“Only a commander who understand logistics can push the military machine to the limits without risking total breakdown.”
– Maj.Gen. Julian Thompson, Royal Marines

“There is nothing more common than to find considerations of supply affecting the strategic lines of a campaign and a war.”
– Carl von Clausevitz

“In modern time it is a poorly qualified strategist or naval commander who is not equipped by training and experience to evaluate logistic factors or to superintend logistic operations.”
– Duncan S. Ballantine, 1947

“The war has been variously termed a war of production and a war of machines. Whatever else it is, so far as the United States is concerned, it is a war of logistics.”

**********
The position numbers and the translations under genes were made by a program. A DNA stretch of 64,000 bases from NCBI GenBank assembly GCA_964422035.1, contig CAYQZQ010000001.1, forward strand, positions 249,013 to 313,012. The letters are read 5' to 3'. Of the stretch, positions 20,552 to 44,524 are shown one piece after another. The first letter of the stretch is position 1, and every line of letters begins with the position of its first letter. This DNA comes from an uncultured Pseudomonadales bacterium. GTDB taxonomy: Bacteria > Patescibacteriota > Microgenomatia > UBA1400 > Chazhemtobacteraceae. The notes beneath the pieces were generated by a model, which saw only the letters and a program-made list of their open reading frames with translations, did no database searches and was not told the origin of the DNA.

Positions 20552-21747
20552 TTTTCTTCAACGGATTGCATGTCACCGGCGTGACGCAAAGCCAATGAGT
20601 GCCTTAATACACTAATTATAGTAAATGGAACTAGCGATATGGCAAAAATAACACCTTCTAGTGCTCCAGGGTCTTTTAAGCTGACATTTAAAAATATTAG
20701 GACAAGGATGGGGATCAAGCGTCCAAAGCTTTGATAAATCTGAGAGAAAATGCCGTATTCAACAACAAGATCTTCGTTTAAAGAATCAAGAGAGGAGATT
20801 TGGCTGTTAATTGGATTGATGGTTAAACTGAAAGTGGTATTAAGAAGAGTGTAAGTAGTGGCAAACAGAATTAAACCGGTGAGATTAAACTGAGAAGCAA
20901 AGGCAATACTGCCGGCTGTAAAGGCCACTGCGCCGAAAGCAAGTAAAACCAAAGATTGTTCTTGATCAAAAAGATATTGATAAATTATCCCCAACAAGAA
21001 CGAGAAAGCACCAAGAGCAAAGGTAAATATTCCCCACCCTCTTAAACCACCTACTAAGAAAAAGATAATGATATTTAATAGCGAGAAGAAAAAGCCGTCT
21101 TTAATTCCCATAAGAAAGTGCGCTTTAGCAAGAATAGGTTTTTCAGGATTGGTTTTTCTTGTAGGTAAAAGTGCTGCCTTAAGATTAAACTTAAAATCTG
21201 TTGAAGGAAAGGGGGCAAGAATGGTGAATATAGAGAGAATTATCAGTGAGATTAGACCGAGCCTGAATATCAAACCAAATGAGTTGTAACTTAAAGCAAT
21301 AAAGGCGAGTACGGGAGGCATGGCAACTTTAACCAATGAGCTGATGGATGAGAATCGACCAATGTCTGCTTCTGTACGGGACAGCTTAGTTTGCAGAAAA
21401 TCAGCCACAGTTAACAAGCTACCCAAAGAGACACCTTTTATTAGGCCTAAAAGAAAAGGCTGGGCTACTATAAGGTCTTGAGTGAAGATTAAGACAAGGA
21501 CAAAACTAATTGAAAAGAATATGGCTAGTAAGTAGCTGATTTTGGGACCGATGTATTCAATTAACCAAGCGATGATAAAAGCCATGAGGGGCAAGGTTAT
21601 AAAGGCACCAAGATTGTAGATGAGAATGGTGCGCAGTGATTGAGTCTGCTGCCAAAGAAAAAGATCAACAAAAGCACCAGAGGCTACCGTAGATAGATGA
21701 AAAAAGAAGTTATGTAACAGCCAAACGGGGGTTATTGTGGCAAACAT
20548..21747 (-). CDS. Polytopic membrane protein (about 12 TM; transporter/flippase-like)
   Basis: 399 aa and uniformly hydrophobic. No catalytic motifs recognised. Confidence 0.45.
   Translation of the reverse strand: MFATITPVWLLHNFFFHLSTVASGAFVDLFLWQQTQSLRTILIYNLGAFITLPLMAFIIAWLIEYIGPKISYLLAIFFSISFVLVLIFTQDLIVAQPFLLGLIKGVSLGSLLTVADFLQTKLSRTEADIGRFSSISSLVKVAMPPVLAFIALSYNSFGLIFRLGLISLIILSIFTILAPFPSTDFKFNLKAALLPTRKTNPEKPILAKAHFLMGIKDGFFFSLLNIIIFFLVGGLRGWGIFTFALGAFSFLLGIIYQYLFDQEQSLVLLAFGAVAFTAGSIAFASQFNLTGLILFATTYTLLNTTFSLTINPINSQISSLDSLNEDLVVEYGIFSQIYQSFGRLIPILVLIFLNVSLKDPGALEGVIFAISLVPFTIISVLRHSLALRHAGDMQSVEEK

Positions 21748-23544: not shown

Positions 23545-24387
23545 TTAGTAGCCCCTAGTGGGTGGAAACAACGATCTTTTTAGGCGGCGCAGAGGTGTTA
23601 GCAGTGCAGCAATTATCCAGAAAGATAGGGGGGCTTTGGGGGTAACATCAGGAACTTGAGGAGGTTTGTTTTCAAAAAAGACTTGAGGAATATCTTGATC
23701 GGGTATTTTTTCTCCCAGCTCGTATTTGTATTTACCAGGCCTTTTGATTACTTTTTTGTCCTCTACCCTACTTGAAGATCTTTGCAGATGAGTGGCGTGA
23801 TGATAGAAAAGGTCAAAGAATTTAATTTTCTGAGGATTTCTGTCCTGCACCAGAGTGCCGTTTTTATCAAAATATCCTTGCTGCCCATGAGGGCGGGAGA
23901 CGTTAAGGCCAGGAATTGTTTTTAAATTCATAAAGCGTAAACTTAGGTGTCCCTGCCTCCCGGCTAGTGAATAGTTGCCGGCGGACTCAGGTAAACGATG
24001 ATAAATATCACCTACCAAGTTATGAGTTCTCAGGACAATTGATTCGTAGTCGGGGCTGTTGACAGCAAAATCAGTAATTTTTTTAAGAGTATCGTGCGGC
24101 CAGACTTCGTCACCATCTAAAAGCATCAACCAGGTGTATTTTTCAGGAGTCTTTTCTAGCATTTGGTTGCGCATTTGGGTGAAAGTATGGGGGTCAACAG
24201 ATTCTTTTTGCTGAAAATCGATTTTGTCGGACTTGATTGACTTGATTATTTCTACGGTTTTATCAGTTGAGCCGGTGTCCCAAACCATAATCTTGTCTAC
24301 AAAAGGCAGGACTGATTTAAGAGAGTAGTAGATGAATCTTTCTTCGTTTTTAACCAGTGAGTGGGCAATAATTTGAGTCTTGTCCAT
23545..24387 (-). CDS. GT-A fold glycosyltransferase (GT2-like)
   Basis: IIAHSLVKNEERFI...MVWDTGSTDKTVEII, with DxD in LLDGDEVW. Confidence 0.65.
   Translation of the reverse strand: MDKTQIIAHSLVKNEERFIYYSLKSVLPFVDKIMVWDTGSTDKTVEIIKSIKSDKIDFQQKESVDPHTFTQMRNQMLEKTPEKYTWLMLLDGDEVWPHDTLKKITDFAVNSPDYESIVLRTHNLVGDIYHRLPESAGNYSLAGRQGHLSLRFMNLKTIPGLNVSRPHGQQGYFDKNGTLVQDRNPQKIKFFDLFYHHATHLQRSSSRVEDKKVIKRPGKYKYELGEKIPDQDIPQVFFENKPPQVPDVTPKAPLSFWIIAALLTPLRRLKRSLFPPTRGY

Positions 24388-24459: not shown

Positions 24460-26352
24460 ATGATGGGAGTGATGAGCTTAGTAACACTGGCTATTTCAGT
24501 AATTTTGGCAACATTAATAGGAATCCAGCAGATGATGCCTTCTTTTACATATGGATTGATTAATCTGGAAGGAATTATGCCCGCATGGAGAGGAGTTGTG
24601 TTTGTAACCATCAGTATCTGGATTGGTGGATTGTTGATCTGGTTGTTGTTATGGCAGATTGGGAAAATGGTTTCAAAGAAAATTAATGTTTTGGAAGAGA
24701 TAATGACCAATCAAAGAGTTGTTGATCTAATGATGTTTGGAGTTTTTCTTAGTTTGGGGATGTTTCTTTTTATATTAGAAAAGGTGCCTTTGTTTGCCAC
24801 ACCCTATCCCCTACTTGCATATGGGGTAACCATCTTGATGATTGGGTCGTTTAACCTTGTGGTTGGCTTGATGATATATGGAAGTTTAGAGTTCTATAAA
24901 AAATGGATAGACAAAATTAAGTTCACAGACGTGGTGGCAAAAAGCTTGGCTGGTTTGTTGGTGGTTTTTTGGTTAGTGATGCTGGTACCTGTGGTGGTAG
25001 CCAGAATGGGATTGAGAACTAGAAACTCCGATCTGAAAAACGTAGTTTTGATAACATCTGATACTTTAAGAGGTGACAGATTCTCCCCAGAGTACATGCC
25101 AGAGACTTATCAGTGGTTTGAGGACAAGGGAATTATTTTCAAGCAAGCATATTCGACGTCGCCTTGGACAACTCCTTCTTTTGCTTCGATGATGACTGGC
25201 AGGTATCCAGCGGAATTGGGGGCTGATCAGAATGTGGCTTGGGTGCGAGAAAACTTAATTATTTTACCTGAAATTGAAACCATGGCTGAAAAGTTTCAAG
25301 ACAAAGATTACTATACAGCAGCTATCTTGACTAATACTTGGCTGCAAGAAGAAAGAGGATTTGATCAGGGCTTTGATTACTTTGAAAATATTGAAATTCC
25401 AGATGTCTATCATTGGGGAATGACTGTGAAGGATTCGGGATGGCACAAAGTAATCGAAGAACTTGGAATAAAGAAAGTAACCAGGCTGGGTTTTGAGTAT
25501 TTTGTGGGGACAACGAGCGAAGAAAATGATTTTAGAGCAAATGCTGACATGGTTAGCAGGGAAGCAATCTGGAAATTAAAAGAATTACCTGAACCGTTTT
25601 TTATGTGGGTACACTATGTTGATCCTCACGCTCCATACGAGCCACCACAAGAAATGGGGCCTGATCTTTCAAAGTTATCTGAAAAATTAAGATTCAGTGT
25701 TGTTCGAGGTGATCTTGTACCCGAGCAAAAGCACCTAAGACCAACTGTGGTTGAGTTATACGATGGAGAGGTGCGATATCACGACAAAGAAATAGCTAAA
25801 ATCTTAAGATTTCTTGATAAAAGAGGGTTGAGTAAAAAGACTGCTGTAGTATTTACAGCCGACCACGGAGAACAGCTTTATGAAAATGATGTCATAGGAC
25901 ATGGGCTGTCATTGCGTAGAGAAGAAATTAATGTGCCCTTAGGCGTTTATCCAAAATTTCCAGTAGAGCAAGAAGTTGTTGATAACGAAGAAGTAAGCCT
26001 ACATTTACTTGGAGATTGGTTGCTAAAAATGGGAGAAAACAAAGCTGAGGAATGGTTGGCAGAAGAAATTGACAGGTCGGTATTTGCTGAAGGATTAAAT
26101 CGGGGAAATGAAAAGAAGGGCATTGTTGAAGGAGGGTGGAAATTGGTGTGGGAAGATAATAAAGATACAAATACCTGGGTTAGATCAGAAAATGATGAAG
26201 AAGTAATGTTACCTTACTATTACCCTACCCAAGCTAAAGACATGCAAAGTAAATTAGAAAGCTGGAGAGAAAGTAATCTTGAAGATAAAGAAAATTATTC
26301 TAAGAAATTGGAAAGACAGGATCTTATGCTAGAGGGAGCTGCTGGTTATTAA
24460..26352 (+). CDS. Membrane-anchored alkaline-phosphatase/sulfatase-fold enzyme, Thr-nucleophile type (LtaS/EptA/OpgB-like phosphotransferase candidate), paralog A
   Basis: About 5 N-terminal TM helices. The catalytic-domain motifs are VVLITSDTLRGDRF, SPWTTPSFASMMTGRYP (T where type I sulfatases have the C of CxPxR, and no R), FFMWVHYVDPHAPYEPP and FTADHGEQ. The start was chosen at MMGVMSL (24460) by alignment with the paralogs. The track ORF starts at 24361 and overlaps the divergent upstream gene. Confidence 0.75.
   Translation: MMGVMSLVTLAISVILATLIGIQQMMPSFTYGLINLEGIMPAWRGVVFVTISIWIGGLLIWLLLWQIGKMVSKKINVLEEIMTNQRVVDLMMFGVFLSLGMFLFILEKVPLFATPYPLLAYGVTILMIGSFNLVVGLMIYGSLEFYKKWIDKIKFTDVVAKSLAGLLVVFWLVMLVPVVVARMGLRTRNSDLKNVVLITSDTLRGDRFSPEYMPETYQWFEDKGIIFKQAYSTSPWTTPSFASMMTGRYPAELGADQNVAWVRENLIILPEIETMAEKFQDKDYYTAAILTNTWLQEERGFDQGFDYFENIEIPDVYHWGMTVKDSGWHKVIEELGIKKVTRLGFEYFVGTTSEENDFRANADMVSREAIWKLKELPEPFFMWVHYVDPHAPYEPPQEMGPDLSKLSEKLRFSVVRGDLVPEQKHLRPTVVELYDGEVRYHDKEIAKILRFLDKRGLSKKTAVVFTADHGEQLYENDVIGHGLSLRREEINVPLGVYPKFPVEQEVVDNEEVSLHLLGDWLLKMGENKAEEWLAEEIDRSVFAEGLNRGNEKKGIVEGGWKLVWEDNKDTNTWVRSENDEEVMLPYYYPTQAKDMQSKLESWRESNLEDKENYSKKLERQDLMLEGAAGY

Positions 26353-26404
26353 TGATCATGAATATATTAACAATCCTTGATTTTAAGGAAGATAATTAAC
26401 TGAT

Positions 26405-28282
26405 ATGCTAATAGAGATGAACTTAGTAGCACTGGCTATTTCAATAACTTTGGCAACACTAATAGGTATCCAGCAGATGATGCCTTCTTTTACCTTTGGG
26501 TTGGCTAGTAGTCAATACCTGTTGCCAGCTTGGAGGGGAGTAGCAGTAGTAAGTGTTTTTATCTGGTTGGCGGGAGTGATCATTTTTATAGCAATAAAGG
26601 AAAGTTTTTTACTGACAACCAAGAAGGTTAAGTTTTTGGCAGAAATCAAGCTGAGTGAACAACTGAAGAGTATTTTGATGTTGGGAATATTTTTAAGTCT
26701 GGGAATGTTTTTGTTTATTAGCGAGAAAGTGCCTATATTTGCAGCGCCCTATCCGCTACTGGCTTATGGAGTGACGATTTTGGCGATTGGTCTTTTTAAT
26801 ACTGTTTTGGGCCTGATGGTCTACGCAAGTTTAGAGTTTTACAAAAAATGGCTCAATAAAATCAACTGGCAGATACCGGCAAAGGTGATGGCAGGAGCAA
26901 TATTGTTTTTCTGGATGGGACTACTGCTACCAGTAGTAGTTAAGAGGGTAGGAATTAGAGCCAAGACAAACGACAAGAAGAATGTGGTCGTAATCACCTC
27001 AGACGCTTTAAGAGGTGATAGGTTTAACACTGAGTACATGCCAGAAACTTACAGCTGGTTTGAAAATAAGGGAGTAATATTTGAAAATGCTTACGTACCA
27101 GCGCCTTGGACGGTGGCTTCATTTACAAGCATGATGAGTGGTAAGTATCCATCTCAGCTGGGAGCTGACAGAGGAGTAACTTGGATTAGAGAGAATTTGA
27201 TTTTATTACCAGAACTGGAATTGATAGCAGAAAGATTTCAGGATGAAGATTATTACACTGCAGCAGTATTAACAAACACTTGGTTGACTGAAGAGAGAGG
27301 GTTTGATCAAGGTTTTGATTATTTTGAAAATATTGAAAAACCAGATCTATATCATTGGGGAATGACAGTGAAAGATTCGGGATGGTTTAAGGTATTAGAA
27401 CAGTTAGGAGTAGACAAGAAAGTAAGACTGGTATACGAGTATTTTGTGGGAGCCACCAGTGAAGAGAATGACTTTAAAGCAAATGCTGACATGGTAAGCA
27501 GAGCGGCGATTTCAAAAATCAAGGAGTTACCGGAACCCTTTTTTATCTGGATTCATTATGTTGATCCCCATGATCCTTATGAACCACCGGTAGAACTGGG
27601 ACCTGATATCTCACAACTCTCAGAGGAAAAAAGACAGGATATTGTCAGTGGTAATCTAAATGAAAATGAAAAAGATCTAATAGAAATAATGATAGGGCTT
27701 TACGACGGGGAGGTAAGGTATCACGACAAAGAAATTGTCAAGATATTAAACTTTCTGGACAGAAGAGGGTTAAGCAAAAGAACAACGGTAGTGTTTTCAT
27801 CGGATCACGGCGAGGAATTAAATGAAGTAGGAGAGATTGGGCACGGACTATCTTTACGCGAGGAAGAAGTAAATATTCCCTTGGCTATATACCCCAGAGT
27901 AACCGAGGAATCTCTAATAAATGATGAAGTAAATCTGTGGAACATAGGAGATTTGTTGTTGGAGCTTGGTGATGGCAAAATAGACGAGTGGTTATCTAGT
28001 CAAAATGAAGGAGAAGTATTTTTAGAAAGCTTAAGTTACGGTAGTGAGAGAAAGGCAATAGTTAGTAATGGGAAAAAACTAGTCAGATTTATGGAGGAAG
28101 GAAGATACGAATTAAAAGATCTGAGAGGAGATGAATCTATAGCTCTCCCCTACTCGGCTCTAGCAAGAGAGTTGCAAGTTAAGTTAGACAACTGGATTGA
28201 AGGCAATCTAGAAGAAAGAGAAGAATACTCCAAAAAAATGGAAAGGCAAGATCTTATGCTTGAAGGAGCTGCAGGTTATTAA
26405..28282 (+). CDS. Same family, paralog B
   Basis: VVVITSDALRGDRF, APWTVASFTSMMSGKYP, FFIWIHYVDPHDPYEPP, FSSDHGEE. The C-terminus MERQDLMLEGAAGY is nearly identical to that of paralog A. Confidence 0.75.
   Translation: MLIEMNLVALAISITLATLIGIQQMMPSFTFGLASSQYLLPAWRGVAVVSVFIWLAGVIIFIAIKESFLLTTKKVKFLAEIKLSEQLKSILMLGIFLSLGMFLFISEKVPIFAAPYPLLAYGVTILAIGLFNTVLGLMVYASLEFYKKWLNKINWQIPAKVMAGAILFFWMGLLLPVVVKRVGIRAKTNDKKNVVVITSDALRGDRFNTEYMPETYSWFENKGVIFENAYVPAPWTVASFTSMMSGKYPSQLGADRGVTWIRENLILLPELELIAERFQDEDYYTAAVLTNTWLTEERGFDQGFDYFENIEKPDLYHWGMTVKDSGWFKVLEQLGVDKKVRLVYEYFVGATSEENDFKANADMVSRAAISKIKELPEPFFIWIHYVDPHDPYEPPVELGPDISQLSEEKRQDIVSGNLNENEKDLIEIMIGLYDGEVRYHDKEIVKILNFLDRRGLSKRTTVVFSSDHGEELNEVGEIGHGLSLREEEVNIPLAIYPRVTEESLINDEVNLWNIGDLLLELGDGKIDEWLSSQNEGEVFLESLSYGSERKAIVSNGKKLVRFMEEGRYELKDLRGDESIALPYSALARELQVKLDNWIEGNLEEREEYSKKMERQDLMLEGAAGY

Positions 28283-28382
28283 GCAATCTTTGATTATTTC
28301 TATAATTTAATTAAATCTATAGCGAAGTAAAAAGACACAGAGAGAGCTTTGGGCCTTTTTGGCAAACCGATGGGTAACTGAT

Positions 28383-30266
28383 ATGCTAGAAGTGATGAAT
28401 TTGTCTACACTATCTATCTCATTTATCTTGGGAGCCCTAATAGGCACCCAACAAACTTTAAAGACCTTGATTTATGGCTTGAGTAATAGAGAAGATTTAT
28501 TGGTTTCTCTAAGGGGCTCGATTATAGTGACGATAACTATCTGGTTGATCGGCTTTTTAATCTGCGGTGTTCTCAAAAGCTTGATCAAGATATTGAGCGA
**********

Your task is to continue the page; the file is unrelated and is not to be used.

– Fleet ADM Ernest J. King, in a 1946 report to the Secretary of the Navy

“A sound logistics plan is the foundation upon which a war operation should be based. If the necessary minimum of logistics support cannot be given to the combatant forces involved, the operation may fail, or at best be only partially successful.”
– ADM Raymond A. Spruance

“The line between disorder and order lies in logistics…”
– Sun Tzu

“Leaders win through logistics. Vision, sure. Strategy, yes. But when you go to war, you need to have both toilet paper and bullets at the right place at the right time. In other words, you must win through superior logistics.”
– Tom Peters – Rule #3: Leadership Is Confusing As Hell, Fast Company, March 2001

“Logistics sets the campaign’s operational limits.”
– Joint Pub 1: Joint Warfare of the Armed Forces of the United States

“Logistics comprises the means and arrangements which work out the plans of strategy and tactics. Strategy decides where to act; logistics brings the troops to this point.”
– Jomini: Precis de l’ Art de la Guerre. (1838)

“Behind every great leader there was an even greater logistician.”